These articles may have been missed out amidst the mtgox hubbub, but provides a brief glimpse at the state of internet 2.0


MIT Report Finds Bitcoin More Likely to be Spent than Hoarded

(@pete_rizzo_) | Published on February 14, 2014 at 20:04 GMT | Analysis, News

The data illustrates that the number of unspent, new bitcoins has declined drastically from 2009, when nearly half of all new bitcoins were held for the entire first year of ownership. Today, the vast majority of new bitcoins are spent within 24 hours, the findings suggest.

The results led the researchers to conclude:

“New bitcoins are now more likely to be spent than hoarded by speculators.”

Screen Shot 2014-02-14 at 2.38.44 PM

There was also a visible decline in transactions completed after one to 12 months of ownership, and those spent after one year of ownership, with the later category all but disappearing from the graph starting in 2012.

The number of new bitcoins that went unspent did rise from 2011 to 2013, but this level was down from figures observed in 2009 and 2010.

Reports from 2012 had previously suggested that as much as 78% of all bitcoins were being saved for later use.


It does look like bitcoin is being used as an international clearing currency for some element of cross border trade, or at least that there be some proportion of the underbanked that may perhaps be taking to bitcoin in some form.

The problem of ledger numbers that ever increase in value and price is that one might be reluctant to spend, but perhaps with mtgox there may be more flow, and overstock does ship much of the stuff one would not expect normally available to a cryptocurrency, except via a gift card, which racks up costs.


The Rise of the Cryptocurrency Gift Economy

(@Suitpossum) | Published on February 18, 2014 at 11:38 GMT | Analysis, Investors, News
n 2013, the digital anthropologist Lui Smyth conducted a survey of the most common uses of bitcoin.He found bitcoin was used to buy web services, software, hardware, gambling services, and (in the heyday of the Silk Road) narcotics. Topping the list though, when measured in terms of the number of transactions, was tipping and donations.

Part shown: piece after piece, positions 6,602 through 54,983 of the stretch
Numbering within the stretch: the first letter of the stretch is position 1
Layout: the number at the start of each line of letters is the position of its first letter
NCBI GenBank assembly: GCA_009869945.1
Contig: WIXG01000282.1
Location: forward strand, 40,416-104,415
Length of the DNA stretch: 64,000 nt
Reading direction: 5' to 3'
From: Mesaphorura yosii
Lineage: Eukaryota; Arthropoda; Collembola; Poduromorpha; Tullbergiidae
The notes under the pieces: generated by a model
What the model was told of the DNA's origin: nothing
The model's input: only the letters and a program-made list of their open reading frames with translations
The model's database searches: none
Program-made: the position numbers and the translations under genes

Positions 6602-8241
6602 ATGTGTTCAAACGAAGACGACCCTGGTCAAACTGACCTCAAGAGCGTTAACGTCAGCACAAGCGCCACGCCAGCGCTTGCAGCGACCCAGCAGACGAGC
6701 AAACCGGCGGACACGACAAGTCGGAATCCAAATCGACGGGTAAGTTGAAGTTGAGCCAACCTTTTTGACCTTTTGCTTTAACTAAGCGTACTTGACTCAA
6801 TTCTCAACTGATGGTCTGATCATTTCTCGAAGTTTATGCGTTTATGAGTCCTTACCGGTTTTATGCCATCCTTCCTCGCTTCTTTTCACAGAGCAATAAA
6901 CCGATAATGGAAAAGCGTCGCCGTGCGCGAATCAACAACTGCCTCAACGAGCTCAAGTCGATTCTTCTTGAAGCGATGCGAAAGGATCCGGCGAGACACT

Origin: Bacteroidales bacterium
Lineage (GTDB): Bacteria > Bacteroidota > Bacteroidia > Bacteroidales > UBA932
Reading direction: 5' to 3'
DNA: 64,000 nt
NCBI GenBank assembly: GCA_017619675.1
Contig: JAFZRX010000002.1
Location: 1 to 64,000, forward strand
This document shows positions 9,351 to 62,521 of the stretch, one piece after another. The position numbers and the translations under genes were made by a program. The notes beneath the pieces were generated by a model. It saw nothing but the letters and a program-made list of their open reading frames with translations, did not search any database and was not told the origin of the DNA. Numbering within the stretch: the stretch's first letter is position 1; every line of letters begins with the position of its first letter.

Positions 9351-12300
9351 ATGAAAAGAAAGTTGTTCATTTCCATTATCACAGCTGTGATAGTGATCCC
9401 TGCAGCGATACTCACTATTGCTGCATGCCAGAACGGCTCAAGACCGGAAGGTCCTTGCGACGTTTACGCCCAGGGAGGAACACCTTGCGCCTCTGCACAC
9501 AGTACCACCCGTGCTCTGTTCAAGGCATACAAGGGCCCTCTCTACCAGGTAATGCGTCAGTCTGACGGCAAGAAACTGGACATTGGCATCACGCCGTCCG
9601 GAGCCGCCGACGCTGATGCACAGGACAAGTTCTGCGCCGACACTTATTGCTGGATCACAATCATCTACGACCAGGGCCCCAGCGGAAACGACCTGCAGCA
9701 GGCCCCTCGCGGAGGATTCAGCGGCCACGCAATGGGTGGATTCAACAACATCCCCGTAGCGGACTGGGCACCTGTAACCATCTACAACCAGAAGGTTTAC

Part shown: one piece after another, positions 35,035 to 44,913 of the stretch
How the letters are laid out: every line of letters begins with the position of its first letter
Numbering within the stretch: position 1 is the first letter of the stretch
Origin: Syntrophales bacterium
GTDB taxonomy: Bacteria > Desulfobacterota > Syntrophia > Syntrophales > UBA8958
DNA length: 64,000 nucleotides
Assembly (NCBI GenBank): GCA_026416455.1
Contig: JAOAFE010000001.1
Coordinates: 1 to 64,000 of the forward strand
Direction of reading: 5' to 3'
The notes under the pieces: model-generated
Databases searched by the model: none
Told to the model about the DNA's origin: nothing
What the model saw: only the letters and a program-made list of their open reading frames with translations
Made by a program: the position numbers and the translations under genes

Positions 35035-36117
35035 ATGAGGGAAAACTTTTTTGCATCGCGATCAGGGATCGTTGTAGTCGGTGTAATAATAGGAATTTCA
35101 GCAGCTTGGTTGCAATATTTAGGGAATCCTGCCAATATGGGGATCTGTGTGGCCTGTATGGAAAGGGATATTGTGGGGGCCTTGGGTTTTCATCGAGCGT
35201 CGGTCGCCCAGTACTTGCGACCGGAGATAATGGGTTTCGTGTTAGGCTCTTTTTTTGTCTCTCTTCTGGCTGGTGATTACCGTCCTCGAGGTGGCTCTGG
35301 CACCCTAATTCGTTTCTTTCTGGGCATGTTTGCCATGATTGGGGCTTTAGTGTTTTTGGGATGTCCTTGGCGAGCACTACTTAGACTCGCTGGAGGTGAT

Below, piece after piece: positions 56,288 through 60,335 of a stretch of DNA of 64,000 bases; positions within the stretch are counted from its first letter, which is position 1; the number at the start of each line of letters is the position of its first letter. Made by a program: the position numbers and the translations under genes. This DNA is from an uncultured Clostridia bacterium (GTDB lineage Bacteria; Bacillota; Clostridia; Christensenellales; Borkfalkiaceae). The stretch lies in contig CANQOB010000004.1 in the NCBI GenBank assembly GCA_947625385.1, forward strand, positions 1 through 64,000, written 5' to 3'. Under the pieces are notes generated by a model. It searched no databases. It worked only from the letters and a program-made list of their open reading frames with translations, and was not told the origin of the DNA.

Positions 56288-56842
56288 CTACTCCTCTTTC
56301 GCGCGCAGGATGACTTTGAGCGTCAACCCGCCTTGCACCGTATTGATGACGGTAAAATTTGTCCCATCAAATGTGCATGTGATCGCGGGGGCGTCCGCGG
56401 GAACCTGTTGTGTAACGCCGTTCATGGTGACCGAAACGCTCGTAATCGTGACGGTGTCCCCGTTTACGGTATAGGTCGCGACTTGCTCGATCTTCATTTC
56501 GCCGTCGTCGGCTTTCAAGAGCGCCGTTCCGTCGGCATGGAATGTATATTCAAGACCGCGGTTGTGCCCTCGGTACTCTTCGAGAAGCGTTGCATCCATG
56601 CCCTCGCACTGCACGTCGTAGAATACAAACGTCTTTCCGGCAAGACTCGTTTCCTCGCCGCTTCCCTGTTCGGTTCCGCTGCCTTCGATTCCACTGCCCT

The public block chain provides much anecdotal evidence for this. All one needs to do is search the tipping addresses of people or groups who openly advertise that they take bitcoin tips.

Here, for example, are tipping accounts for Adam B Levine and Stephanie Murphy of the popular Let’s Talk Bitcoin show. Libertarian activist Adam Kokesh has received a significant number of donations via his Youtube channel. And here is Wikileaks, the open-source software producer VideoLAN, and the anarchist magazine Strike!.

($1.7k, $170k, $2.6m, $2k, $300)

I have even received one bitcoin tip and a few dogecoin tips for my own blog (indeed, the dogecoin community appears to have a particularly generous heart when it comes to supporting underdogs like the Jamaican Bobsleigh team). This donation culture has also taken off in forums like reddit, where tools like BitcoinTip allow redditors to send each other tokens of appreciation for thoughtful comments.

(he forgot dogecoin tip tools!)

Firstly, they are easy to use. Bloggers engage in the Internet version of busking when they request donations for pieces they write. If I enjoy a blog post though, I do not want to have to enter into a complicated process to donate to the writer. I need the digital equivalent of flipping someone a coin as I walk past them, and cryptocurrency is ideal for that.

There is also something very personal about choosing to give money to an online busker when you are not contractually obliged to do so, and this type of transaction does not lend itself to formal third-party payment providers. Bloggers frequently do set up Paypal donate buttons on their sites, but the third-party adds a layer of formality to something that is intrinsically informal.

Bitcoin initially had the feel of a true underdog currency, an unlikely adventure undertaken by outsider enthusiasts. I often work with NGOs and humanitarian groups, and when bitcoin initially came out there was real curiosity about whether the technology had the potential for helping vulnerable people.

As bitcoin’s fame has risen though, and with it the triumphalist stories of bitcoin millionaires, the tone has shifted. Far from being perceived as a currency of empowerment, it risks becoming seen as just another technology for elites to get rich off, especially as the costs of mining skyrocket. The air-conditioned Silicon Valley conferences seem a million miles away from the gritty reality of much of the rest of the world.

Recently Andreas Antonopolous urged bitcoin enthusiasts to tone down the rhetoric of speculation and to focus on bitcoin’s potential role in facilitating charity. And as Andrea Castillo writes, new approaches to welfare that go beyond the traditional left vs right battles are needed.

Participating in, and encouraging a thriving informal gift economy could be a chance for crypto enthusiasts to showcase how an economy based on decentralised voluntary association could also support those who are on the fringes of society.



Dogecoin ftw! 😀